Wouldn’t we all like a little more money at just the swipe of a piece of plastic? Don’t we all stare longingly at those promises of credit limits greater than our savings account and shiny plastic shopping sprees? We have also been told time and time again that credit cards are the devil. We’ve all heard horror stories about college students getting in over their head with a credit card and ending up selling their soul to pay off their debt. However, credit cards are sometimes a necessary evil so that we, as millennials, can begin to build credit, so that someday we’ll be able to buy a car or a house.  How soon is too soon to get a credit card? There is no magic age where suddenly you become mature and ready to handle the responsibilities of debt, but there are a few signs you might be ready for a credit card.

  1. You have steady income

Don’t spend money you don’t have.  If you don’t have a steady income and know when your next paycheck is going to be direct deposited, then you aren’t ready for a credit card. Credit cards are not meant to serve as your paycheck. Having a steady income most likely means you have a steady job, and therefore can reasonably expect to pay back any debt you incur on said credit card you want to line your wallet with.   If you don’t know when you’re going to get your next paycheck, or how much it is going to be, then you probably don’t know when you’re going to pay your credit card bill next and that is not a good sign.

  1. You know how to budget

A good budget goes hand in hand with a steady income, and is a necessity if you are going to commit to a credit card. You have to learn when to spend, when to save, and what you can reasonably afford to pay. You should never, under any circumstances, spend more than you have, even if your credit company says that the sky is the limit.   Set a budget for the month and don’t forget it. Your credit card may be willing to let you go over that budget, but you should be able to stick to the budget you set every month.  If you’ve never made a budget, or stuck to one, that is probably something to try before you sign your life away to Visa. 

  1. You know how debt works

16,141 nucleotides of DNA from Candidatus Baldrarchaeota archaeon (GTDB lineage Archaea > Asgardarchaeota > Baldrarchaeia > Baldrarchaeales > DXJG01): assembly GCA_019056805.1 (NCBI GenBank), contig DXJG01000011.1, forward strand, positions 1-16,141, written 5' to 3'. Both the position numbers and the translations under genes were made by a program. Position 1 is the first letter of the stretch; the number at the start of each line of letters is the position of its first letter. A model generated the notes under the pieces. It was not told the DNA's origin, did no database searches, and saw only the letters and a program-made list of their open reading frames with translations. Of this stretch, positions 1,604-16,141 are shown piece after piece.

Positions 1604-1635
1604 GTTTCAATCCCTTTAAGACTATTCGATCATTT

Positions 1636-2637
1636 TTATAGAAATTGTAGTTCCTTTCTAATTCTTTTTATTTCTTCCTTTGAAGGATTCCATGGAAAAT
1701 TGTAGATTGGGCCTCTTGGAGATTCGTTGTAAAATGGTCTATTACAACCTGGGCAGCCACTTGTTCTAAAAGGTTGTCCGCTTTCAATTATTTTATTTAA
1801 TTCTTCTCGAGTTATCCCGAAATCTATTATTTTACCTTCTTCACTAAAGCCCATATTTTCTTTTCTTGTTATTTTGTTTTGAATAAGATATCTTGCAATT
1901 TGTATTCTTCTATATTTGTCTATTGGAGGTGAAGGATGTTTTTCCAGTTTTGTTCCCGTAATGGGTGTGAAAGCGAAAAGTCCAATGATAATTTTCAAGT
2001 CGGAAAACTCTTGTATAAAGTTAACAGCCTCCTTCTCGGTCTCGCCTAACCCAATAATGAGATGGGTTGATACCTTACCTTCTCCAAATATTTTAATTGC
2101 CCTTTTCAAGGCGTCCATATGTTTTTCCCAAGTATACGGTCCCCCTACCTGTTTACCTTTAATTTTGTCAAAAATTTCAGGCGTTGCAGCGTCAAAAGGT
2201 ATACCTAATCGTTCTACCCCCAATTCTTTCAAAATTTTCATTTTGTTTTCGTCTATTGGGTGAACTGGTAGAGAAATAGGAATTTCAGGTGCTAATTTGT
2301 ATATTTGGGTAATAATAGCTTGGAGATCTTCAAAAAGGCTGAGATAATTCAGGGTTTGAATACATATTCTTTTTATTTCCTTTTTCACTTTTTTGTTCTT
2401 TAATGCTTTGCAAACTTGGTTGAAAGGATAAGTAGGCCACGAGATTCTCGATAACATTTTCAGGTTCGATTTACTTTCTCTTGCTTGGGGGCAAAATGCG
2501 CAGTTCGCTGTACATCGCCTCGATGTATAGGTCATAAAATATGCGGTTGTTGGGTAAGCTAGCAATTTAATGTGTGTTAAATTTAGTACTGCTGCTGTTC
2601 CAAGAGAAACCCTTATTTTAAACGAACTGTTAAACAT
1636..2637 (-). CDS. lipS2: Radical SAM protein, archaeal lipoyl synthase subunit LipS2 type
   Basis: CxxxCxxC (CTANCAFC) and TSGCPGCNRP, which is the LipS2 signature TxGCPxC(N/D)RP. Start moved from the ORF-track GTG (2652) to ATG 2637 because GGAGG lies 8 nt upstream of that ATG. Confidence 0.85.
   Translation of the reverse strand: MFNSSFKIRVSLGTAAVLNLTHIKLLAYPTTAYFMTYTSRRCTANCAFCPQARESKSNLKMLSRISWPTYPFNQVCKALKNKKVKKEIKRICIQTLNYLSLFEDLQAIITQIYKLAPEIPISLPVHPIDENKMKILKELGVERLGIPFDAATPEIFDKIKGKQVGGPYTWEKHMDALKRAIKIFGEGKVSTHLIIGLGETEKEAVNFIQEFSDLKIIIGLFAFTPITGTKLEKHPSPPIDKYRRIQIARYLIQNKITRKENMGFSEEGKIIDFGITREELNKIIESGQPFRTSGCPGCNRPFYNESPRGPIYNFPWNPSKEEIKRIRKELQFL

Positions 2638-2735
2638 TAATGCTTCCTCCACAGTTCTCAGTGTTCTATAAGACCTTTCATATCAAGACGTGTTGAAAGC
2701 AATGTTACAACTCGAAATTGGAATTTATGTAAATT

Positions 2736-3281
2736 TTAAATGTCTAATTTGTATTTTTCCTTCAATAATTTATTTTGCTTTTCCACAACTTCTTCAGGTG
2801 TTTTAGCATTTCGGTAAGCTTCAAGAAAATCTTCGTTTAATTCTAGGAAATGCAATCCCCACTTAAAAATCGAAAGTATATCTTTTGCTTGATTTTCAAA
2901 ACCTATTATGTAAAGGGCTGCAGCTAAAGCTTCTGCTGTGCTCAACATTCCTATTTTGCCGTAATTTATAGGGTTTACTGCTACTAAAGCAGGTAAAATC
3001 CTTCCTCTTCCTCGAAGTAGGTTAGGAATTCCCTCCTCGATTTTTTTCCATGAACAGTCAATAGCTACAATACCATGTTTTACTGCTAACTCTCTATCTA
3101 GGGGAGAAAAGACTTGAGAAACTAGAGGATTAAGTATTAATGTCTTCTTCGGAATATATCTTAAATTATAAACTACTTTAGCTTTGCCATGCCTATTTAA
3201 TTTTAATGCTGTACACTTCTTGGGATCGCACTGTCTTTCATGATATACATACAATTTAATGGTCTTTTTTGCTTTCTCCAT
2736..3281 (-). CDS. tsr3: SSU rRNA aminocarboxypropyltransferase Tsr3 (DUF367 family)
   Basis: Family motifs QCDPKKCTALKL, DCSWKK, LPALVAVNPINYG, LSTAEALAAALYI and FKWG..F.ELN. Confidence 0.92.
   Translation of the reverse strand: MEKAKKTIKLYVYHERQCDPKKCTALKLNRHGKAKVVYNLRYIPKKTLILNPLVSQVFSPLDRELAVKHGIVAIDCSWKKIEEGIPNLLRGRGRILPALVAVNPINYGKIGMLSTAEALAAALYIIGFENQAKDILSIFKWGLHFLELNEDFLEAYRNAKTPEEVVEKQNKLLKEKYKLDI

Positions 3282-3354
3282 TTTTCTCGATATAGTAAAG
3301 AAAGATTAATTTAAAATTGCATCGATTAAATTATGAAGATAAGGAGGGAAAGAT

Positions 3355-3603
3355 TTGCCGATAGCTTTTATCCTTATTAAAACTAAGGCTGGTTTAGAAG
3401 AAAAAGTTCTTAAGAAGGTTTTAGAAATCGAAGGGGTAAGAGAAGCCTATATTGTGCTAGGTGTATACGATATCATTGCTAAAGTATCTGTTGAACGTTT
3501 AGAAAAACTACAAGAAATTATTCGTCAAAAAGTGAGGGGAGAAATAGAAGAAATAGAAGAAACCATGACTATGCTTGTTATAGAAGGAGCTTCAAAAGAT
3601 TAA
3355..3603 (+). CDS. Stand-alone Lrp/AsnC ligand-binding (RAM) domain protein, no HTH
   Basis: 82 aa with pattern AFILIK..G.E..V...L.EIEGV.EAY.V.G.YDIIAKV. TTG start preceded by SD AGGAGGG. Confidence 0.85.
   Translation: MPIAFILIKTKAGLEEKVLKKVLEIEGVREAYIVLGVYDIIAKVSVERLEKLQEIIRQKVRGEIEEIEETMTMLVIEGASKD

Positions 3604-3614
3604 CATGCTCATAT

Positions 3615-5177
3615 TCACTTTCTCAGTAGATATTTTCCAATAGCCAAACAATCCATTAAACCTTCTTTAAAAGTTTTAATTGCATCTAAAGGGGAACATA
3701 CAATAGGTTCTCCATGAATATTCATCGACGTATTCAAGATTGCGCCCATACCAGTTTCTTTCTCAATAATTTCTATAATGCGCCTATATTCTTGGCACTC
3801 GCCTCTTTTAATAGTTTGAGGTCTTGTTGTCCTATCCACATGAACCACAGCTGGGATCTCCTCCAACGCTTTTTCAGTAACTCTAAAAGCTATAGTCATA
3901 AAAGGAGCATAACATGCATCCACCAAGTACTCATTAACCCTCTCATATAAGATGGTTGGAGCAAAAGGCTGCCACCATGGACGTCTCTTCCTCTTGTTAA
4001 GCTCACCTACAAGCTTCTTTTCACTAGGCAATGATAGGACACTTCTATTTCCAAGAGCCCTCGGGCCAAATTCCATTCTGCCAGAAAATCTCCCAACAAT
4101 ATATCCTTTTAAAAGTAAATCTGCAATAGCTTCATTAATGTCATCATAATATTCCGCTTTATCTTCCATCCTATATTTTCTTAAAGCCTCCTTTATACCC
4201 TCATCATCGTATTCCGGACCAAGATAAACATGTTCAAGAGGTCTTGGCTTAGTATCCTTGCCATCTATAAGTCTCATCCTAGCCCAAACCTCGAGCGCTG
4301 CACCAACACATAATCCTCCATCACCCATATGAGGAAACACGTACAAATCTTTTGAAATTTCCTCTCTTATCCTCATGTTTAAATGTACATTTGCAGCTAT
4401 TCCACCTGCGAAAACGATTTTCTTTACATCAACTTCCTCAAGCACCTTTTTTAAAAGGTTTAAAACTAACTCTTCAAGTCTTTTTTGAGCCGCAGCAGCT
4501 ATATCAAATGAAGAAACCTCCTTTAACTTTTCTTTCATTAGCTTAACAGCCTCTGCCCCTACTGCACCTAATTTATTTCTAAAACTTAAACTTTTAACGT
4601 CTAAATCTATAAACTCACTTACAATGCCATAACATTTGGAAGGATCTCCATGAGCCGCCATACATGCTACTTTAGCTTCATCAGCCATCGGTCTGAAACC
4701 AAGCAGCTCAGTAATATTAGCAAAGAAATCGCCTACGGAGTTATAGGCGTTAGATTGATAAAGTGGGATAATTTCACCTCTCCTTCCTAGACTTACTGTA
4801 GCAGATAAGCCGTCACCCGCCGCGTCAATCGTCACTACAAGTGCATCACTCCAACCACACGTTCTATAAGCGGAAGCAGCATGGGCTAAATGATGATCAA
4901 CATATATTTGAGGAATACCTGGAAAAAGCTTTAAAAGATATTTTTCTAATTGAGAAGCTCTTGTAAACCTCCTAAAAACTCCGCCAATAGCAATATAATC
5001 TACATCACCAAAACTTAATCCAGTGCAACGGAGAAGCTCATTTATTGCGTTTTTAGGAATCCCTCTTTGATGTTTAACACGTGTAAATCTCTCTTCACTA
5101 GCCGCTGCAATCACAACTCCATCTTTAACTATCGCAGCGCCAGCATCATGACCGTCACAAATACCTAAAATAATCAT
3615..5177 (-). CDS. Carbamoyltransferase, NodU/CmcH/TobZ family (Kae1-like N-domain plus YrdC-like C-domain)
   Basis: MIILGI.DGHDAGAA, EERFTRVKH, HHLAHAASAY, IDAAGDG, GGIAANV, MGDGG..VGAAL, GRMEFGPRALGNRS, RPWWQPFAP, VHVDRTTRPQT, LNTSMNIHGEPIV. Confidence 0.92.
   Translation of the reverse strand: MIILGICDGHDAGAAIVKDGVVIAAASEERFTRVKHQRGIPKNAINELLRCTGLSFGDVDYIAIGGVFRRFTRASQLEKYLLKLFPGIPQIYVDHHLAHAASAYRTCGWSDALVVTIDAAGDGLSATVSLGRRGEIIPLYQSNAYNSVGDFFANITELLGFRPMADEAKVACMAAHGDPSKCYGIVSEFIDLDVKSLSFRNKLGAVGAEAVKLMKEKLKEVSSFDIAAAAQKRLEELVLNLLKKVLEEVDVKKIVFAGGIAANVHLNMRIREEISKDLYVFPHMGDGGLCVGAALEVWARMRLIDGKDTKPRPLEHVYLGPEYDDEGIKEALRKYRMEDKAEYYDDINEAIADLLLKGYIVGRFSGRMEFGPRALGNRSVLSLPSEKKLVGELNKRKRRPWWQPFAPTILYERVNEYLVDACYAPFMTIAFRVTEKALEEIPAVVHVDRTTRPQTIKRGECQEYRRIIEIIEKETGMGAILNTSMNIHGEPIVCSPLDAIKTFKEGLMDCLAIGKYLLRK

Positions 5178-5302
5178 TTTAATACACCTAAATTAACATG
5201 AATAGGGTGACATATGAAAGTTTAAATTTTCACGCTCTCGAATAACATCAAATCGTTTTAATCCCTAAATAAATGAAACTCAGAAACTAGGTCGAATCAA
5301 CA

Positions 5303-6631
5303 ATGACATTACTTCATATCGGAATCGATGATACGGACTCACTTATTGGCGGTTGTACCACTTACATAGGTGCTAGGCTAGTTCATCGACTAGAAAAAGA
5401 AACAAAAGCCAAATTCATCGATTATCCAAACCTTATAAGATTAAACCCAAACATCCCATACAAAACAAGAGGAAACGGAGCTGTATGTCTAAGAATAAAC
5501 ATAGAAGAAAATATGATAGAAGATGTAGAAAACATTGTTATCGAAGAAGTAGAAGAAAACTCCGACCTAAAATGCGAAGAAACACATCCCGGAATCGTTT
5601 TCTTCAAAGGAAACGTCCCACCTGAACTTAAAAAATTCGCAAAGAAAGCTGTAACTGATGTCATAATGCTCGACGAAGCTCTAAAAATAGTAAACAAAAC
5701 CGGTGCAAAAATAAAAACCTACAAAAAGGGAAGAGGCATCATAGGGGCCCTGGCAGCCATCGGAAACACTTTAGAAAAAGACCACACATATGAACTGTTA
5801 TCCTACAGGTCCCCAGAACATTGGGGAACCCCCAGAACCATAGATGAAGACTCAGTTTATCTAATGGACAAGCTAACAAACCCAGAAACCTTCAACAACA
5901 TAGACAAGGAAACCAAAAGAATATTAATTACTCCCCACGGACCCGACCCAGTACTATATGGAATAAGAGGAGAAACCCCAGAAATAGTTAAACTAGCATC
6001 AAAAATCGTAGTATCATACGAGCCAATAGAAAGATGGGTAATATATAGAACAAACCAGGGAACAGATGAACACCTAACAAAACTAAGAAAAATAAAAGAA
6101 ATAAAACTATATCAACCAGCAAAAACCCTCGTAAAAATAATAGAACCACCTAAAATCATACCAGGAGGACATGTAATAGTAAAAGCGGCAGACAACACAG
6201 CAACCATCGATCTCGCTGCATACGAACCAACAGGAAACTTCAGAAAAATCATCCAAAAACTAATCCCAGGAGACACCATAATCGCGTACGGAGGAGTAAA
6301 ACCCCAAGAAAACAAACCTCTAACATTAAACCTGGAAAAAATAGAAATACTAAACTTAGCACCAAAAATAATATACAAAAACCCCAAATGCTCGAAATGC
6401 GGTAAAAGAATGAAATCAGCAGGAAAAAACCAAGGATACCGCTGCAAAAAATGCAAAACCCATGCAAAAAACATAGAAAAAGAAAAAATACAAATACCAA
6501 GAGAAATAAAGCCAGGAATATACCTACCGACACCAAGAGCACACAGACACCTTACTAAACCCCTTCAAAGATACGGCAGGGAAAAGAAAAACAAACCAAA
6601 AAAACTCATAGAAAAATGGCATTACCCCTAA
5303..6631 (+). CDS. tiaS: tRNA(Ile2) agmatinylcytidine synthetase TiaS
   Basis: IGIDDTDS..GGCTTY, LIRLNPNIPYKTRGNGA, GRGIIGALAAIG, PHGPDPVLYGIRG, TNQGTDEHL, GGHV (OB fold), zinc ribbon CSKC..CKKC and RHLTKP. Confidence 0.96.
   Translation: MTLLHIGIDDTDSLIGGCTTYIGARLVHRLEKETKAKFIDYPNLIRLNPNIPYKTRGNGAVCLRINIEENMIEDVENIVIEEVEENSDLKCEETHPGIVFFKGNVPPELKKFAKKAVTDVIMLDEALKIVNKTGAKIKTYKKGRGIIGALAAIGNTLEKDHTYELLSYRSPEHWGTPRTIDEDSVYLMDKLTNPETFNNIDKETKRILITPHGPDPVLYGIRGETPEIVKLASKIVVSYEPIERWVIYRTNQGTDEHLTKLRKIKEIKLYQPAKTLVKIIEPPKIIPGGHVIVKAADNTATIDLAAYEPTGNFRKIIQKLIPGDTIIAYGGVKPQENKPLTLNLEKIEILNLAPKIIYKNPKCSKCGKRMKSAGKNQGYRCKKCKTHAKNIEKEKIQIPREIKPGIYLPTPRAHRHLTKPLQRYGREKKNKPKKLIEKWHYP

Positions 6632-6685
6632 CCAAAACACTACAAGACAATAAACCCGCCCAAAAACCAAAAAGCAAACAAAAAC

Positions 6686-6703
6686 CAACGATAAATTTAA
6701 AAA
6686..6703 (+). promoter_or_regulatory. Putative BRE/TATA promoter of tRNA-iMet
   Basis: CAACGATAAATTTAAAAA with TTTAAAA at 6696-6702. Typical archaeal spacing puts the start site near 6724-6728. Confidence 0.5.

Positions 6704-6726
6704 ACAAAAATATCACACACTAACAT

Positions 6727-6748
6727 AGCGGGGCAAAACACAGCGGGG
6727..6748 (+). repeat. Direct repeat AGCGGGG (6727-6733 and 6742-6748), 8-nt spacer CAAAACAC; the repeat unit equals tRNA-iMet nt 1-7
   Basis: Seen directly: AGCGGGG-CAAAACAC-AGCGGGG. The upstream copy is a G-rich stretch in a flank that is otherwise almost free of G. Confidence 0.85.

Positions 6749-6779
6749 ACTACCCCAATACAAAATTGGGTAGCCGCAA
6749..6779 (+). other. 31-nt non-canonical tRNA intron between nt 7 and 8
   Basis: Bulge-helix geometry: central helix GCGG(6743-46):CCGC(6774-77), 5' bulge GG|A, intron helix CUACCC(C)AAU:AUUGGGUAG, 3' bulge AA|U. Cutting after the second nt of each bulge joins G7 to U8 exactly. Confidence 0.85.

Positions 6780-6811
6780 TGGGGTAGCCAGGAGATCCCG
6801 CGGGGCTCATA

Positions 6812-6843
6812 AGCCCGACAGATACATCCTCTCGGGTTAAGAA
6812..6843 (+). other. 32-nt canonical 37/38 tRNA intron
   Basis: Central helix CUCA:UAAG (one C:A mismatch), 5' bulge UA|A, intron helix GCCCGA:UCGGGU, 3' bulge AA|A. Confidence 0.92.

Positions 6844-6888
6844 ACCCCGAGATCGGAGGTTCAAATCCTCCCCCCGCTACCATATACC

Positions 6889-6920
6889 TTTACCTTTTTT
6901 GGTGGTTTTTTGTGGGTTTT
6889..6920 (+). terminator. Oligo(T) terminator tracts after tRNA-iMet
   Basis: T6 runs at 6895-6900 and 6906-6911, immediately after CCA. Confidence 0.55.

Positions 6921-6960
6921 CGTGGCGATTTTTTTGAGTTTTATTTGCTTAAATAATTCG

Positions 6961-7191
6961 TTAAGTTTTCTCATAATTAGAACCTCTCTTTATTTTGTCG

There is no such thing as a free lunch, even if you put it on your credit card. Eventually, that debt will catch up to you. If you realize that you’ll have to pay that debt back, and then some, if you let it accumulate, then you might be ready for a credit card. If you think that the credit card bills will just disappear magically, you’ve got another thing coming, and you are definitely not ready for such responsibilities.  If you think everything Bernie Sanders says is economically unsound, that is a good start.  Know the interest rates you’re going to be facing before you commit to any credit card, and you’ll be a lot happier, and wealthier, in the future.

  1. You pay your own bills

Another step towards real adulthood is paying your own bills, and that includes what will one day be your credit card bill.  People who pay their own bills are much more cognizant of where their money is going, and therefore and less likely to want to throw their own money away.  If you are mature enough to pay your own bills that means you have the ability to pay those bills, and that you understand the importance of those bills. Before you think about signing up for a credit card, think about your history of bill payment and let that guide your decision.

  1. You know your own limits

The hardest part about having a credit card is forgetting that you have one. Sometimes, that is exactly what needs to be done. Credit cards seem like great fun, and they are a surefire way to make you feel like an adult, but they carry a heavy load of responsibility with them. Even if you are only making two thousand dollars a month, a credit card company will gladly give you a five thousand dollar limit. The key to being truly ready for a credit card is knowing when to stop spending, when to put the credit card away, and when to forget it even exists.  If you’re anything like me, you love to shop and cannot say no to a good sale. This is where credit cards can get you in trouble, so know your personal limits. Know how much debt you are willing to go in for a limited edition Lilly Pulitzer shift. Know how much money you’ll be able to put towards your credit card bill each month.

Best of luck credit card hunting!!

 

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